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SCUCC designated as ‘Garden for Wildlife’

By Staff | Apr 29, 2019

TIFFANY REPECKI CREW youth group leader Dr. Dana Crater with members Luke Crater, 11, and Henry Whitman, 14, during the dedication ceremony on April 22 at the Sanibel Congregational United Church of Christ.

The Sanibel Congregational United Church of Christ’s campus was recently certified by the National Wildlife Federation as a haven for local wildlife, thanks to the combined efforts of three groups.

On April 22 – Earth Day – members of church, including its CREW group, Green Team, and Children and Youth Committee, took part a dedication ceremony to mark the grounds being designated by the NWF as a “Garden for Wildlife” and unveiled its official Certified Wildlife Habitat sign.

Nancy Jones, with the Children and Youth Committee, originally raised the idea of seeking the certification. The committee then involved the Green Team, and the entities reached out to the CREW youth group and suggested that the middle and high school students pursue the “green” activity.

“We wanted to support it right away,” Jean Chandler, chair of the Green Team, said. “Because it has to do with having a green garden, an environmentally responsible garden.”

She explained that the Green Team focuses on conservation by hosting electronics recycling drives, vegetarian potlucks and programs on plant-based eating, presentations on food waste, and more.

TIFFANY REPECKI The National Wildlife Federation's Certified Wildlife Habitat sign designating the Sanibel Congregational United Church of Christ's campus as a “Garden for Wildlife.”

CREW leaders Dr. Dana Crater, Jim McCallion and Dr. Brit Stroud also jumped at the idea.

“It was something that they could do together – that they could coordinate on,” Crater said of the children and adults, adding that it was a great opportunity. “We all worked through it together.”

In order to receive the certification, a checklist of criteria set by the NWF had to be met.

So, one evening with the checklist in hand, the CREW leaders and several of the youth went on a scavenger hunt to explore the property, including the main campus and 17 undeveloped acres located behind it. They checked off boxes in the categories of food, water, cover and places to raise young.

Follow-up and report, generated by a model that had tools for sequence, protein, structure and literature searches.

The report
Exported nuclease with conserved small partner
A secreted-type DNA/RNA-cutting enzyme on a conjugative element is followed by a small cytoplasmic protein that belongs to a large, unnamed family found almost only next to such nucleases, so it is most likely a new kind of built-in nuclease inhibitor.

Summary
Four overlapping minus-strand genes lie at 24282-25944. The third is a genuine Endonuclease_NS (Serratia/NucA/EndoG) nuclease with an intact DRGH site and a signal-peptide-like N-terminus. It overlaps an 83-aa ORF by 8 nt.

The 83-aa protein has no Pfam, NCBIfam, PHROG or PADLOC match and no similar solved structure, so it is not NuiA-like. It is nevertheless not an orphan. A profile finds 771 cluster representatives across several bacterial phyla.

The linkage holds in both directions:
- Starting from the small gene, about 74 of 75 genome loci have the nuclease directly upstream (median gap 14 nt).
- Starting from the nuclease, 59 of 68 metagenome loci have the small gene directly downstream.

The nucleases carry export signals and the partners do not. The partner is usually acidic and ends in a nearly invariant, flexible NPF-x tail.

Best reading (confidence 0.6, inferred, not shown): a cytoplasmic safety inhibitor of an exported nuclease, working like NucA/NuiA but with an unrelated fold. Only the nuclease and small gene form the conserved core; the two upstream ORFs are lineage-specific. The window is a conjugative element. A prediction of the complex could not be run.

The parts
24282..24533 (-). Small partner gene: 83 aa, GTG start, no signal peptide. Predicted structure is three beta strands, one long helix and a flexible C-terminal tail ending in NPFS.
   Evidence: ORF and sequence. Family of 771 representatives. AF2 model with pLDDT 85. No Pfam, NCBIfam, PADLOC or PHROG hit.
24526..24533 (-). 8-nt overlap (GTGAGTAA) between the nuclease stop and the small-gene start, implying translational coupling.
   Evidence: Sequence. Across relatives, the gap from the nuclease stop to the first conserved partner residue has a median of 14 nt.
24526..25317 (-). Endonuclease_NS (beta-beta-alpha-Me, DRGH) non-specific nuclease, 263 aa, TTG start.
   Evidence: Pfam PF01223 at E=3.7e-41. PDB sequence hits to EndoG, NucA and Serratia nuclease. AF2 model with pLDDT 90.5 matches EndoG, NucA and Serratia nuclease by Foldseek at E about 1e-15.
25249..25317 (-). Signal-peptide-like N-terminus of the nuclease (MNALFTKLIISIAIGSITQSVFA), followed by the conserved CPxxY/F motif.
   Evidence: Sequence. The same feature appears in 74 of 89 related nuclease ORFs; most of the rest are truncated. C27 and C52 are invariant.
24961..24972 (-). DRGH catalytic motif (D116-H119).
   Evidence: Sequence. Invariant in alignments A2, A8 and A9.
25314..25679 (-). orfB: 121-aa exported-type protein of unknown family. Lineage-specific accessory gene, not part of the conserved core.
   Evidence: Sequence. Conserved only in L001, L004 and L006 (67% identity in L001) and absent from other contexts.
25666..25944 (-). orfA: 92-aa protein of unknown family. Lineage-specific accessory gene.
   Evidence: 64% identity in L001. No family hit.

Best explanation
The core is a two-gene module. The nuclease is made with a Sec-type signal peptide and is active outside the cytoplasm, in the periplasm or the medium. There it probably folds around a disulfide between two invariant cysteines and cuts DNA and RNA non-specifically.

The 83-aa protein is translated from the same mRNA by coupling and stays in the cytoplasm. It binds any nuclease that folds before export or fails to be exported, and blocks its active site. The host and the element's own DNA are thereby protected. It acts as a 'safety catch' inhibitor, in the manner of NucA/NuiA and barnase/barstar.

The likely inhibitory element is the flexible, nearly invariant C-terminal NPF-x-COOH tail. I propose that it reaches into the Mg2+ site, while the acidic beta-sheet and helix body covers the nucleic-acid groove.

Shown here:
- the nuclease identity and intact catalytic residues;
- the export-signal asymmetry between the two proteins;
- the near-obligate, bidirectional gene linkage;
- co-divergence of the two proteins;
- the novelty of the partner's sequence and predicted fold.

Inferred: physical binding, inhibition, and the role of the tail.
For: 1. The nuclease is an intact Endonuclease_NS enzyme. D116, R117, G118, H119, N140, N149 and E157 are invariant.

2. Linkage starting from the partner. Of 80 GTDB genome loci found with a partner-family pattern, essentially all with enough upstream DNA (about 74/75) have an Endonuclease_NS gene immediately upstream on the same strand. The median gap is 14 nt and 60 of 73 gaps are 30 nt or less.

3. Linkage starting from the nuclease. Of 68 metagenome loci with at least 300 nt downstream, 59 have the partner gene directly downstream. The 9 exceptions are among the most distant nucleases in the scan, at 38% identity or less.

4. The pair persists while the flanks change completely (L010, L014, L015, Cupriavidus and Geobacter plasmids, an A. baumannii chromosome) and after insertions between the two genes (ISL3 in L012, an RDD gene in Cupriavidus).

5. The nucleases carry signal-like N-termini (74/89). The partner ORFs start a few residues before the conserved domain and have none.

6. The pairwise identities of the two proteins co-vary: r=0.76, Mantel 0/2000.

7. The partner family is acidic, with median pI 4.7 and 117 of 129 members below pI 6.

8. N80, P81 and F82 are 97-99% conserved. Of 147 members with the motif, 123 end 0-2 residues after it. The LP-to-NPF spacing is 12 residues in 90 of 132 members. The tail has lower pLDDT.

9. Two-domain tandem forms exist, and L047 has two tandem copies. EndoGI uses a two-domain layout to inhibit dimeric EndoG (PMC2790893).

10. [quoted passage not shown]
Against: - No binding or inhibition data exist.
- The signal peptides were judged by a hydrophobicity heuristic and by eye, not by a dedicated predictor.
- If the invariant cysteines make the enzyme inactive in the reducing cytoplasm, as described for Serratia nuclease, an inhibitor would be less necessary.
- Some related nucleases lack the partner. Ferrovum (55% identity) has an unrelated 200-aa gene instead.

“You needed a certain amount from each category,” Crater said.

TIFFANY REPECKI The 17 acres of habitat behind the Sanibel Congregational United Church of Christ can be seen from the Memorial Ground walkway.

“They had fun,” she added. “They were excited.”

For food, the habitat needed at least three types of plants or supplemental feeders, such as seeds and berries, foliage and twigs, pollen or animal feeders. In the category of water, the habitat had to feature a clean water source for wildlife to drink and bathe in, such as a stream, river, spring or even bird bath.

For cover, wildlife needed at least two places to find shelter from the weather and predators, such as wooded areas, ground cover, burrow and dense shrub or thicket. As for places to raise young, there had to be at least two places for wildlife to engage in courtship behavior, mate, bear and then raise young.

“It was a great learning experience for them, to learn the different types of species of plants and the diversity we have in our own church garden,” Crater said.

The CREW group also checked off boxes in a fifth category – sustainable practices.

To be certified, two of at least three practices had to be employed in managing the habitat in a sustainable way in the subcategories of soil and water conservation, controlling exotic species and organic practices, like eliminating chemical pesticides and chemical fertilizers or composting.

During the dedication, the Rev. Dr. John H. Danner shared a couple words. He explained that the congregation made a promise to help protect the environment, as stated in the church covenant: “We will do all we can to protect as well the birds, animals and plants on this fragile barrier island.”

“It’s in the actual church covenant,” Danner said.

He continued that the 17 acres in the back of the church, which is a mixture of upper and lower wetlands, is a habitat that “is something God and nature have had going on for centuries.”

“It was here long before any of us were here,” Danner said.

The Rev. Deborah Kunkel commended the involved groups, especially CREW.

“They went out back and digged through those 17 acres,” she said.

A representative from the Sanibel-Captiva Conservation Foundation was present for the ceremony.

“It’s absolutely wonderful to have not only the church be involved in creating sustainable wildlife habitat, but also bringing in the future generations to sustain initiatives that better the island,” Alexis Horn, a spokeswoman for the SCCF, said.

Sanibel Congregational United Church of Christ is at 2050 Periwinkle Way.